Thursday, Jan. 31, 2008

Falcons’ fortunes continue to rise

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If there were such a thing as the county high school comeback team of the year, the Central High girls’ basketball team would be a strong candidate.

Tuesday night’s 60-40 road victory against rival Friendly helped the Falcons(4-6) equal the team’s combined win total over the last two years.

Central third-year coach Norris Powell is proud of his team’s progress this season and said the Falcons have not finished improving.

‘‘We’re still on an upward curve of confidence, but we haven’t peaked yet,” Powell said.

Indeed, the Falcons have come a long way over the past three years. And although the team still has not reached the .500 win percentage mark yet, the Falcons could be a pesky group come playoff time.

For the past two seasons, the team has participated in a fall league held at Northwestern High. The league featured a number of strong teams, most notably three-time defending Class 4A state champion Eleanor Roosevelt and Paint Branch, along with several AAU club teams.

During those fall leagues, the team was not as worried about winning as it was about trying bolster its fundamentals. And it appears that all of the frustrations the team endured when it had trouble maintaining possessions or getting a grip on Powell’s system have begun to subside.

Tuesday night, the Falcons had little trouble beating Friendly’s full-court press and managed to get easy looks at the basket.

The victory was the program’s first against the Patriots during Powell’s tenure. And after the game, the smiles and high fives on the Falcons’ sideline were a clear sign of how the team is starting to feel about itself.

‘‘Out of the four years that I’ve been here, this is the only year we have played together,” said Falcons’ senior Rhodesia Jones, who has attracted offers from several area colleges. ‘‘I think we are starting to get better with every game.”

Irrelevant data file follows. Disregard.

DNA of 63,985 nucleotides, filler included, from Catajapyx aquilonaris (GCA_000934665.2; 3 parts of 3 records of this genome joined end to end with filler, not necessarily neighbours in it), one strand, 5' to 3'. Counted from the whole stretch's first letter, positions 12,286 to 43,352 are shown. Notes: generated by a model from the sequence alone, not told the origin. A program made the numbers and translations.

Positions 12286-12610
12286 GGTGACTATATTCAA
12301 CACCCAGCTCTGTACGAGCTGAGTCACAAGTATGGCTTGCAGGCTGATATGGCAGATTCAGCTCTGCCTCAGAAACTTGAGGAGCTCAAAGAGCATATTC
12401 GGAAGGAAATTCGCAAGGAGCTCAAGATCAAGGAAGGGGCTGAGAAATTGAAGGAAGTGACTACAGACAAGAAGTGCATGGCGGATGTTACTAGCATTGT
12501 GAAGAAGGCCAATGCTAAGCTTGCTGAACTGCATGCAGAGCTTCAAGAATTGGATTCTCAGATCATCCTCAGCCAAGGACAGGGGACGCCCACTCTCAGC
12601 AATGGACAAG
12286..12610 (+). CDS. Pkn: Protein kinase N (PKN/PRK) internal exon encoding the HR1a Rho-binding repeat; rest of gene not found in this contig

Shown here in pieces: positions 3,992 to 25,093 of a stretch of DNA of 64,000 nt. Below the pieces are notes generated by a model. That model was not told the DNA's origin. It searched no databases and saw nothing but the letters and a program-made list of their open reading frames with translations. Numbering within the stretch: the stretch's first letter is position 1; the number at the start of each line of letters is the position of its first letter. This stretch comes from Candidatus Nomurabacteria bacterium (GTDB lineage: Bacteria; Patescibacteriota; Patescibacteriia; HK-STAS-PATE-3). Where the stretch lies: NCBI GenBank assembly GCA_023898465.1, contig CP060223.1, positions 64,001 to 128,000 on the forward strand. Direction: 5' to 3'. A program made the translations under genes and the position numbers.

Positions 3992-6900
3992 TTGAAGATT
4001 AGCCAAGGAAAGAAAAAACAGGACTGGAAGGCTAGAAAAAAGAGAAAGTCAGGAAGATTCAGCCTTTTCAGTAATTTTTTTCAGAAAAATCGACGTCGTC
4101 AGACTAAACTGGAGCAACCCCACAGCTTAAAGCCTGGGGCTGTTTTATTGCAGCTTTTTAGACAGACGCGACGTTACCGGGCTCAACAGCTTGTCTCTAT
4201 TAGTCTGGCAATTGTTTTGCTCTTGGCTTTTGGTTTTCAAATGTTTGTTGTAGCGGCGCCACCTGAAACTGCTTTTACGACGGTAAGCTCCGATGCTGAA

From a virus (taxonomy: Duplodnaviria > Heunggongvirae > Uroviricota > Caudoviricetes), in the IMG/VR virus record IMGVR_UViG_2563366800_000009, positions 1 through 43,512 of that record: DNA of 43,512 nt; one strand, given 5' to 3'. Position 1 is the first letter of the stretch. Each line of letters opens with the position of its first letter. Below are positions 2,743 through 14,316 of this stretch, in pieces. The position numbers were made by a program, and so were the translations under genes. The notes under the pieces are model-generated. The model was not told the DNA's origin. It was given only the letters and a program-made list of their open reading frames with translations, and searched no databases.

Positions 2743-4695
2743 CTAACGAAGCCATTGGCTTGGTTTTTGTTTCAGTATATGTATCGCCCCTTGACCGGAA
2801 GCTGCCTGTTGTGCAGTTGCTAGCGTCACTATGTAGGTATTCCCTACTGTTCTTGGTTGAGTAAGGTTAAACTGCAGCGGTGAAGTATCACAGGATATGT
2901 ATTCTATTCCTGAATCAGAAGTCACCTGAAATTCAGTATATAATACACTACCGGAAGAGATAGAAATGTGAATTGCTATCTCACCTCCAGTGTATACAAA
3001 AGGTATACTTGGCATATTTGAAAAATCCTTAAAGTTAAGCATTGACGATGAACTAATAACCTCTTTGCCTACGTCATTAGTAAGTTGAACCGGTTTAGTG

For the past two seasons, Central’s best player has been junior guard Marketa Salley, who is averaging more than 20 points per game this season.

Salley, the niece of former NBA player John Salley, said she can see that her team may have finally come of age.

‘‘The first half of the season, we were losing too many close games that we were in,” said Salley, who finished 17 points against Friendly. ‘‘After we lost those games at the last second, we all made a decision to play even harder. I think we have a lot of confidence now.”

Central guard Shauntese Cowan has been an integral part of the Falcons’ attack since transferring from Archbishop Carroll (D.C.). Cowan finished the game with 13 points while Falcons’ forward Andrea Thomas shared a team-high 17 points with Salley.

And the Falcons have managed to maintain good spirits despite a huge void in the program. Central and three other county schools (Bladensburg, Laurel and Fairmont Heights) either did not field a junior varsity squad or were forced to shut down the JV team during the season.

Powell has managed to settle on a regular rotation of players despite not having anyone to bring up from junior varsity.

‘‘We just couldn’t draw enough interest in the school,” Powell said. ‘‘We have made announcements and have had assemblies trying to attract girls to play. And junior varsity is a big part in how a program is made. You have to win to build a program and get a reputation. Hopefully, we can start because this is our best record in quite some time.”

Meanwhile, Patriots’ coach Darryl Nixon was disappointed in his team’s effort after the game and had few words.

‘‘I think we came in overconfident,” Nixon said. ‘‘I don’t know what’s going to happen Friday when we play again.”

Nixon said Takia Brown, Danielle Bowman, Raven Smith and Ashley Powell all have endured injuries during the season, and that communication has been a problem for the Patriots (4-7).

‘‘We could do better,” said Friendly guard⁄forward Ayasha Lyke. ‘‘I feel we could still be a good team and we’re all still trying to go to states.”

E-mail Terron Hampton at